After reviewing Note 1 from the annual financial report, goodwill allocation fully obeys the requirement of AASB.

    1. The key assumptions that the entity considered to estimate future cashflow

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    includes EBIT margins, Volumes, and Pricing which all of them belong to cash

    inflow, while capital expenditure belongs to cash outflow. It is also what AASB

    requires. And in order to fit AASB 136 Para.50, there are no income tax receipts

    or payments. However, the company uses after-tax-rate as discount rate rather

    than the before-tax rate. When the entity estimates future cash flows of Brand

    Name, it also uses after-tax rate.

    2. Impairment loss should be deducted directly from cash generating units. 3. When the company estimates IBA cash inflow, the group uses three-year financial

    budget and prediction as reference.

    There is a gap between the practice the company uses and the requirement of AASB. According to AASB 136 Appendix A20, discount rate should be before-tax rate. If the entity uses post-tax discount rate, then the relevant basis should be changed. What is more, the impairment loss should be deducted from goodwill, but the company did not write down any goodwill carrying amount that allocated to cash generating units. It is against the accounting standards. At last, the period of predicting companys

    future cashflow should be 5 years. When the company made the prediction of EBIT margins and Volumes, it only considers three-year financial prediction. The period is too short to provide the most reliable forecast.

The recommendations that I would make are:

    1. Change post-tax rate to before-tax rate for discount rate and re-forecast future

    cashflow.

    2. Deducted the impairment loss from goodwills carrying amount.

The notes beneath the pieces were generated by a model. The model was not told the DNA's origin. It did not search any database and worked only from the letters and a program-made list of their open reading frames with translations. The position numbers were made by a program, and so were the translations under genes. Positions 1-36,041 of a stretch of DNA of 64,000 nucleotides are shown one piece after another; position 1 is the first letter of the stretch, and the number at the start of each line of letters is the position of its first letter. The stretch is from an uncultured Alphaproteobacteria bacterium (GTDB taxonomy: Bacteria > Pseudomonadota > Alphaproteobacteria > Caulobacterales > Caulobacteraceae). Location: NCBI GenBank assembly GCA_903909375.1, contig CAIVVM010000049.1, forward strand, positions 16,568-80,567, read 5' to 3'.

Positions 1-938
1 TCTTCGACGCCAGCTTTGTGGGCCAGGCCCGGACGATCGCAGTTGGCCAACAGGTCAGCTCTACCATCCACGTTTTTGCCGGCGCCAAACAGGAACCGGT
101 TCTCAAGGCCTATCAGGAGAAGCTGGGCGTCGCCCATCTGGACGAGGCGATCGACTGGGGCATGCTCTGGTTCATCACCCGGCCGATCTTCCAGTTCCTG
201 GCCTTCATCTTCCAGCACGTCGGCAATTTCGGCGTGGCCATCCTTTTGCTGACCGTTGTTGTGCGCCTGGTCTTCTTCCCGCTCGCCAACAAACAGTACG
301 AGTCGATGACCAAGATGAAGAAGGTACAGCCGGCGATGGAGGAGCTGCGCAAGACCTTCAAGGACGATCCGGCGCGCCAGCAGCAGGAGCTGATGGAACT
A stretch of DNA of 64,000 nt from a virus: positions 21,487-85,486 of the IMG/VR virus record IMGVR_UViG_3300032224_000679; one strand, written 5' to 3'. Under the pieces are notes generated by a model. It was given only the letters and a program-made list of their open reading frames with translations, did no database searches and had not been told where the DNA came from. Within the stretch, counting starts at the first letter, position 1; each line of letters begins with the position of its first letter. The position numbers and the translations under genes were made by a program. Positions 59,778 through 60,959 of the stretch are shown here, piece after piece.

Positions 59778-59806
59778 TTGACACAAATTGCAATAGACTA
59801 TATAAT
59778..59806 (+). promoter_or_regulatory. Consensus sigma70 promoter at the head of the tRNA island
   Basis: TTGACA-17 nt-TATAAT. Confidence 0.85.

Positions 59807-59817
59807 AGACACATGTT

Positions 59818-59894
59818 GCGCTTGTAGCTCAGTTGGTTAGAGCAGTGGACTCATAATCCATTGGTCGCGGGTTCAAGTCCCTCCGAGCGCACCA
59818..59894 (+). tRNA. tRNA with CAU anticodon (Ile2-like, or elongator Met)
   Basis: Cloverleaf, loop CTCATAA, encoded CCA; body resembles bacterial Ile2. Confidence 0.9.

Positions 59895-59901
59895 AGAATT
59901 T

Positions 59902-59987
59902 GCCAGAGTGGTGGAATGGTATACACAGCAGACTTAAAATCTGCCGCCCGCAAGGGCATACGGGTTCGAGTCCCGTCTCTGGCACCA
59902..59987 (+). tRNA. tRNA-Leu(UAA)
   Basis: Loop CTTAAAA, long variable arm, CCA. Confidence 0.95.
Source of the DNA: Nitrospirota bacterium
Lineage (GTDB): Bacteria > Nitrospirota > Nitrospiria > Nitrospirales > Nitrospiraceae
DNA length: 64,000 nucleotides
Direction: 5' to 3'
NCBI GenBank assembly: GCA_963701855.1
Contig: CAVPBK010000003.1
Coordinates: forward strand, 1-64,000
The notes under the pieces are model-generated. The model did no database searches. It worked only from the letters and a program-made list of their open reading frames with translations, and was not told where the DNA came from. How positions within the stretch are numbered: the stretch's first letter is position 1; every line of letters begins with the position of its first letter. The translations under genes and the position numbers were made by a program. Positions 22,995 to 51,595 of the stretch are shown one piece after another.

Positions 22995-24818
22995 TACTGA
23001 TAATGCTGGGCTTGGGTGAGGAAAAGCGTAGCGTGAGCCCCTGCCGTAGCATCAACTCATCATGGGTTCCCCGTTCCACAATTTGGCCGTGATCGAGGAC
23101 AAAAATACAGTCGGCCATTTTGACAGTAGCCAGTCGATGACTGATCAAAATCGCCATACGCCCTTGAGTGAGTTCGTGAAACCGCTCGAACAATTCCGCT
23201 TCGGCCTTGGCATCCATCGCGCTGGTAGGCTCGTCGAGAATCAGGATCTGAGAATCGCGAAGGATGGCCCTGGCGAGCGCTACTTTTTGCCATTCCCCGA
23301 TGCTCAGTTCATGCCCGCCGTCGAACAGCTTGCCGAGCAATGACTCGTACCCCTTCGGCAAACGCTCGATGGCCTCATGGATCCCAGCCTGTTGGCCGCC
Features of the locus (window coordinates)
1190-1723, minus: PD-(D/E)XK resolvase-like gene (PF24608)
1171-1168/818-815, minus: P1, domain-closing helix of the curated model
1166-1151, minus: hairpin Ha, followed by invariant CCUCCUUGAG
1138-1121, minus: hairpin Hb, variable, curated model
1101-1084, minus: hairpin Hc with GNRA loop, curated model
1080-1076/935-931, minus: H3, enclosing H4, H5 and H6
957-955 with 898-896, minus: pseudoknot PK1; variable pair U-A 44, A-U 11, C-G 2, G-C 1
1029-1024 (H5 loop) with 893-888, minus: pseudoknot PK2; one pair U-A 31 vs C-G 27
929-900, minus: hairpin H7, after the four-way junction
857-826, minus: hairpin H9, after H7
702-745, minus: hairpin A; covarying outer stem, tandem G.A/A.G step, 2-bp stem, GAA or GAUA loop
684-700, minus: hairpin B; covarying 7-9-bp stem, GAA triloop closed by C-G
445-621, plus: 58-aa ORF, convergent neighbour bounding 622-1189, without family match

3. Extend the period to 5 years to make reasonable prediction.

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    Disclosures Concerning Impairment Testing

    According to AASB 136, at the end of financial report, the company should disclosure the relevant information of impairment loss, the information of how the company recognizes cash generating unit, the assets that affected by impairment loss, assumptions used to determine recoverable amount and the carrying amount of goodwill allocated to the units.

    After reviewing the annual report, the company discloses most information that required by AASB. However, the company did not fit to AASB 136 Para.130, the information and recognition of cash generating units.

    The company should add relevant information of cash generating units to the financial report.

Conclusion

    After investigation based on the requirements of AASB 136, following issues are found out:

    1. Goodwill has not been written down for two years.

    2. When the company predicts future cashflow, it uses after-tax tax 3. The company failed to deduct impairment loss from the carrying amount of

    goodwill.

    4. The company uses a short time period to predict future cashflow. 5. The relevant information of cash generating units is not disclosure. The related recommendations to above problems has been made during the report, I hope the company would consider those advises. The purpose of the report is to make sure the company could fix the problems as soon as possible in order to reflect the

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true information of impairment within the group.

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    Reference List

    Impairment of Assets, Australian Accounting Standard Board 136

    2010 Annual Financial Report of Coca Cola Amatil Ltd

    ndPicker, Impairment of Assets, Australian Accounting Standards, 2 Edition